t=TMV is defined as the value for t where Equation 1 is fulfilled.

Although not necessary to the determination 34 of the maximum vector MV, a graphical representation of MV in the plane defined by ev1 and ev2 is illustrated in FIG. 3 and labeled Vmax.

Referring again to FIG. 2, once the maximum vector MV has been determined, a repolarization duration which is based on the maximum vector MV is determined 36. The repolarization duration may be determined 36 by taking an arbitrary threshold percentage of the magnitude of MV and projecting the threshold magnitude relative to an endpoint of MV to determine a beginning point and an ending point on the transformed ECG signal in the plane defined by ev1 and ev2. An example of this process can be seen graphically in FIG. 3. In the example of FIG. 3, the arbitrary threshold percentage of the magnitude of MV is 30%. This threshold magnitude of 30% MV (or 30% Vmax) is projected in a circle or arc 38 around the endpoint of MV, which is labeled Vmax. Where the projected threshold 38 crosses 40 the transformed ECG signal 42 (or T-loop) on a first side of the endpoint of MV, we can define a beginning point. Since the data points are samples in time, the beginning point may be designated as the closest true data point 44 to the crossing point 40. Alternatively, the beginning point may be an interpolated data point based on the two closest data points 44 and 46. Where the projected threshold 38 crosses 48 the transformed ECG signal 42 (or T-loop) on a second side of the endpoint of MV, we can define an ending point. Since the data points are samples in time, the ending point may be designated as the closest true data point 50 to the crossing point 48. Alternatively, the ending point may be an interpolated data point based on the two closest data points 50 and 52.

Repolarization durations may be defined in three different ways: As an early repolarization duration (ERD), as a late repolarization duration (LRD), and/or as a total repolarization duration (TRD).

1) Early Repolarization Duration (ERDx %) can be defined as follows:

ERDx %=TMV−TE, where TE is the value for t where Equation 2 is fulfilled:
VECG(t)−VECG(T MV)∥=MVx %, with t<T MV  Equation 2)

The determination of ERDx % may also be seen graphically in FIGS. 3, 4A, and 4B. In the example of FIGS. 3, 4A, and 4B, the threshold percentage is 30%, so the parameter being determined in this example is ERD30%. It should be understood, however, that other threshold percentages may be used in other embodiments. A peak time corresponds to the endpoint of MV in FIG. 3. The term “peak” does not necessarily refer to a peak voltage in a plot of voltage versus time. Instead, the work “peak” refers to the occurrence of the maximum heart vector. A beginning time corresponds to the beginning point 40 or 44 as discussed above, depending on whether an exact or interpolated data point is used. The ERD30% is the time difference between the peak time and the beginning time. The time values corresponding to the peak time 54 and the beginning time 56 are shown in FIGS. 4A and 4B, which are a plot of the primary component ev1 signal data over time and a plot of the secondary component ev2 signal data over time, respectively. The time axis may be expressed in actual time units or in samples per second which can easily be converted to time with a knowledge of the sampling rate. ERD30% is illustrated in FIGS. 4A and 4B as the difference between the peak time 54 and the beginning time 56, the beginning time being determined by the threshold percentage as described above. Although both the ev1 plot of FIG. 4A and the ev2 plot of FIG. 4B are illustrated, only one ev plot needs to be generated if a graphical method is used to determine a repolarization duration.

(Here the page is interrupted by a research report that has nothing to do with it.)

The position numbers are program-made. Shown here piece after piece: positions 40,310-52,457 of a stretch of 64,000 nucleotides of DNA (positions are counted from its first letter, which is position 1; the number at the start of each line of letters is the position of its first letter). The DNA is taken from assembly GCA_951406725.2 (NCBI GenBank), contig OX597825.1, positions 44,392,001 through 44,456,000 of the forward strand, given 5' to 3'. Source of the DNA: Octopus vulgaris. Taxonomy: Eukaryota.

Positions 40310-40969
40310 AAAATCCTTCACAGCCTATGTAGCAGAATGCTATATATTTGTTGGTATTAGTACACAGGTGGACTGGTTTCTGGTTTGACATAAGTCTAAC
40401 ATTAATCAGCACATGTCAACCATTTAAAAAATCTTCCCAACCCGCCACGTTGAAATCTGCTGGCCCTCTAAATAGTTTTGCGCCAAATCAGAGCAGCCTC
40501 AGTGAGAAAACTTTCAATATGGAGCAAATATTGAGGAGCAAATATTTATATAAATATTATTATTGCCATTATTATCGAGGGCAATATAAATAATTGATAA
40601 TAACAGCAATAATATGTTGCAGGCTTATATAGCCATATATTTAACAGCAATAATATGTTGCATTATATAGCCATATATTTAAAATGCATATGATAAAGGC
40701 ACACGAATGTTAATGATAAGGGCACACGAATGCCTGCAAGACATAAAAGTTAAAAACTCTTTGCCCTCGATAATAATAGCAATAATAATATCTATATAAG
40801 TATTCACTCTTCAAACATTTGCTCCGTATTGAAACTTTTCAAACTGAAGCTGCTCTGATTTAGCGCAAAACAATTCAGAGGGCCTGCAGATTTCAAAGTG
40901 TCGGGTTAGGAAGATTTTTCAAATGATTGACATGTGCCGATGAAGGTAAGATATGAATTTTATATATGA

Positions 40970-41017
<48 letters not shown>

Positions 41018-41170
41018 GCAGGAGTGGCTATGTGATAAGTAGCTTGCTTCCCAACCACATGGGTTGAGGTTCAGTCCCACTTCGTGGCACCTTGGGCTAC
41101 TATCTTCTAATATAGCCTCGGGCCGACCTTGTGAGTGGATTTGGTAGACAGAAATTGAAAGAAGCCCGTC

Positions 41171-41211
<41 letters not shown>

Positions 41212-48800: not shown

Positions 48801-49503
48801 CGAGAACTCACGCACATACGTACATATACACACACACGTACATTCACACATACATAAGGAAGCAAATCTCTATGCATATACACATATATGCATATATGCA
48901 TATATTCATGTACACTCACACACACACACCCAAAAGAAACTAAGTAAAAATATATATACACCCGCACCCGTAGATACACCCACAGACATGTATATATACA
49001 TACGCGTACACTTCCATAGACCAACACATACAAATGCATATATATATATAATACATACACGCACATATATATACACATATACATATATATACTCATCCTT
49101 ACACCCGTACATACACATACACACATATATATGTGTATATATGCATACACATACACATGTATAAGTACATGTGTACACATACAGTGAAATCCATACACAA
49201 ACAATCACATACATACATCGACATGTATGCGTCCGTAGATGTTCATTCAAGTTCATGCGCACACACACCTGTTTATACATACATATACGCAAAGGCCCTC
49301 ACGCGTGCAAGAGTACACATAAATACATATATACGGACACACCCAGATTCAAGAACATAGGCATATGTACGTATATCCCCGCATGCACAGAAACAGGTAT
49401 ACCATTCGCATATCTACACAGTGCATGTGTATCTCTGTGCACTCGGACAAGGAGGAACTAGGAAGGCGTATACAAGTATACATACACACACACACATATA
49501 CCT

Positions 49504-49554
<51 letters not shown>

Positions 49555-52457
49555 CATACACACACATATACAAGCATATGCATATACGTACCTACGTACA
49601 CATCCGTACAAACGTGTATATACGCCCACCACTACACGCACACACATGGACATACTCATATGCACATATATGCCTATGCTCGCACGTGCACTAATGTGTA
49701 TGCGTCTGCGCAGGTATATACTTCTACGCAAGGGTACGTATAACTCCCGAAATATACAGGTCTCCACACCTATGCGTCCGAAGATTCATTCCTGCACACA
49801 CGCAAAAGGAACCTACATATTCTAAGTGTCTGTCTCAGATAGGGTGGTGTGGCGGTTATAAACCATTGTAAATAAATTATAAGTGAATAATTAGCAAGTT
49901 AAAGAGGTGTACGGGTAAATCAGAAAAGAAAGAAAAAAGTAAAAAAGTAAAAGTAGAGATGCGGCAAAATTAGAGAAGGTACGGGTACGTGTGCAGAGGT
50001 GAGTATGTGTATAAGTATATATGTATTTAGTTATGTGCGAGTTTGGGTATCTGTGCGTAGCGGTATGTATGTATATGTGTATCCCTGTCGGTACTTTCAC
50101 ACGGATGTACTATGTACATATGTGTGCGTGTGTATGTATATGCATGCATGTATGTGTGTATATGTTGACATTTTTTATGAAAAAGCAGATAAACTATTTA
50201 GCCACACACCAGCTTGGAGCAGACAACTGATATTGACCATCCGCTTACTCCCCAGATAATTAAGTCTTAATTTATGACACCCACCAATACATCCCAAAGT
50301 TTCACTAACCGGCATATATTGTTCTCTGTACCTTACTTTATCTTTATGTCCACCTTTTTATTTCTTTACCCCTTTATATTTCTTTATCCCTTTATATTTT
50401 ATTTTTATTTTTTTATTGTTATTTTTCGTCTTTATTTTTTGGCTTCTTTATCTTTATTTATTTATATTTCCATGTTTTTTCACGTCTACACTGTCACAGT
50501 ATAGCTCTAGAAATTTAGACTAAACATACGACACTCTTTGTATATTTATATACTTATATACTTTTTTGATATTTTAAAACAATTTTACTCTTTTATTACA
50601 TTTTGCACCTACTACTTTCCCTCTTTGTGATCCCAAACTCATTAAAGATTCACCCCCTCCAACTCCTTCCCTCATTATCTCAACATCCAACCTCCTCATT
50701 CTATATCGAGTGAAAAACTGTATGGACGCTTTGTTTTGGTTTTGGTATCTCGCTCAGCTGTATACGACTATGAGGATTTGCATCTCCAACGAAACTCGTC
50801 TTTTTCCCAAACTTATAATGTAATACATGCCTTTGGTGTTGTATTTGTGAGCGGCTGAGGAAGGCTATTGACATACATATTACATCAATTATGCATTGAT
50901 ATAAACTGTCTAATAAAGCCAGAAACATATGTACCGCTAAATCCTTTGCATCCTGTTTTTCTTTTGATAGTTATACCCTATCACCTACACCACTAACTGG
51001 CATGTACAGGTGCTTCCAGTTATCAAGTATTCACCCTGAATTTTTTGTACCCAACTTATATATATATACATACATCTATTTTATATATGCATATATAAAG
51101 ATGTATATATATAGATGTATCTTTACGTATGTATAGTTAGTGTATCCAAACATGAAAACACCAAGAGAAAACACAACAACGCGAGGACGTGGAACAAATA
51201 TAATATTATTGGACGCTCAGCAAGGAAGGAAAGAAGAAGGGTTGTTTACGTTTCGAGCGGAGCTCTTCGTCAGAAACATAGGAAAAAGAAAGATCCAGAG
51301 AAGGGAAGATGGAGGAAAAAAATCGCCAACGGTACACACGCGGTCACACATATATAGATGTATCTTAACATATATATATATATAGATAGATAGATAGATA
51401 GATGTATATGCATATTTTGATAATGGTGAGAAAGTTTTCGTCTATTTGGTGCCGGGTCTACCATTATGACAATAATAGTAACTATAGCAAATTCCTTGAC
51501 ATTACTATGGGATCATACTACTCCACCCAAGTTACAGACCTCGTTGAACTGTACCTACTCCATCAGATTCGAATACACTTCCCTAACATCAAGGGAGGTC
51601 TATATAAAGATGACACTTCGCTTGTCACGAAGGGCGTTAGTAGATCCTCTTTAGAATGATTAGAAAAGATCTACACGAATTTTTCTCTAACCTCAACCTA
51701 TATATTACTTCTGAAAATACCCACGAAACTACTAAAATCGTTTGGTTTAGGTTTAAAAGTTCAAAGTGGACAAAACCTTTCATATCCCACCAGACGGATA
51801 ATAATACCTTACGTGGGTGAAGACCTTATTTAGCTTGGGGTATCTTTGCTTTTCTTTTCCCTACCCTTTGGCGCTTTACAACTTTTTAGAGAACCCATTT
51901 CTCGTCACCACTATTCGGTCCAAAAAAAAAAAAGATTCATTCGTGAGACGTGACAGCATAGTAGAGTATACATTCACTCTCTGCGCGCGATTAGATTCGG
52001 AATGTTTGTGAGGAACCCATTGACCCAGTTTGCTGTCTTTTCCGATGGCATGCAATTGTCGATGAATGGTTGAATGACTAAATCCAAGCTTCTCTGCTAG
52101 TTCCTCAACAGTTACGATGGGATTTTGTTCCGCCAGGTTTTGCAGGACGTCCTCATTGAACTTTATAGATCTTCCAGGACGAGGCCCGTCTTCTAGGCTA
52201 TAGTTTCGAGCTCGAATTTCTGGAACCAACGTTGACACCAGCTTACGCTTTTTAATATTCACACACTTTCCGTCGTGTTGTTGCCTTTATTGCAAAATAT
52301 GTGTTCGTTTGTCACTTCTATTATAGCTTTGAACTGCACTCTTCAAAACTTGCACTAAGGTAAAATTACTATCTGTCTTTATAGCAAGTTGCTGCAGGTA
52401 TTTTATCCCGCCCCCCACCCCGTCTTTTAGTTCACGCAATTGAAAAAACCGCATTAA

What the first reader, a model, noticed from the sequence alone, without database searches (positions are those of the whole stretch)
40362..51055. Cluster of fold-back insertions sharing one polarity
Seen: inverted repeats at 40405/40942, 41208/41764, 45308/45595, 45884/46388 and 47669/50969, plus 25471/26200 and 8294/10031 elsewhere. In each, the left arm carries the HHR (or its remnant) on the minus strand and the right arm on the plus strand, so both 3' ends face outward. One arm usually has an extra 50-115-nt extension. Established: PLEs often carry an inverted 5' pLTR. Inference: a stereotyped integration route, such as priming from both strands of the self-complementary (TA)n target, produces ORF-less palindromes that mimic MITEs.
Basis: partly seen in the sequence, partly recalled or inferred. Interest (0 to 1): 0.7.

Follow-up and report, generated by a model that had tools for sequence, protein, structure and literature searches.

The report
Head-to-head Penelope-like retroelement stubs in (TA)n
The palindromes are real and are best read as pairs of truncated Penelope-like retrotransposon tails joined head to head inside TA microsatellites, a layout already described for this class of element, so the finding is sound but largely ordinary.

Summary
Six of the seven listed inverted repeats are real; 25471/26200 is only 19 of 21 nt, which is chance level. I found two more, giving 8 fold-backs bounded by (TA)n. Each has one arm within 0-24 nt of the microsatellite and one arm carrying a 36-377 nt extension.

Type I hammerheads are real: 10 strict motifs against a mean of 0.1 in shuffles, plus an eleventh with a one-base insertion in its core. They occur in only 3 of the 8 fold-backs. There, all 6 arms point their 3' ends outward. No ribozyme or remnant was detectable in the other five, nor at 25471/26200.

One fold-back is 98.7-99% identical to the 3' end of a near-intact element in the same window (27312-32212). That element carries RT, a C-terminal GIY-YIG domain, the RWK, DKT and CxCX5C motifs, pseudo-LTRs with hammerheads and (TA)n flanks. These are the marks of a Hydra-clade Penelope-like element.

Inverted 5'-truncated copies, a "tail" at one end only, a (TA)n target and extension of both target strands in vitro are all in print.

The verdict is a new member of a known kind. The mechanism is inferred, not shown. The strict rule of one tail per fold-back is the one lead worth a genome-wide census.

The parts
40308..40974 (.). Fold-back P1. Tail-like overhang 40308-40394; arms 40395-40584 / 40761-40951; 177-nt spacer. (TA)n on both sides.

2) Late Repolarization Duration (LRDx %) can be defined as follows:

LRDx %=TL−TMV, where TL is the value for t where equation 3 is fulfilled:
VECG(t)−VECG(T MV)∥=MVx %, with t>T MV  Equation 3)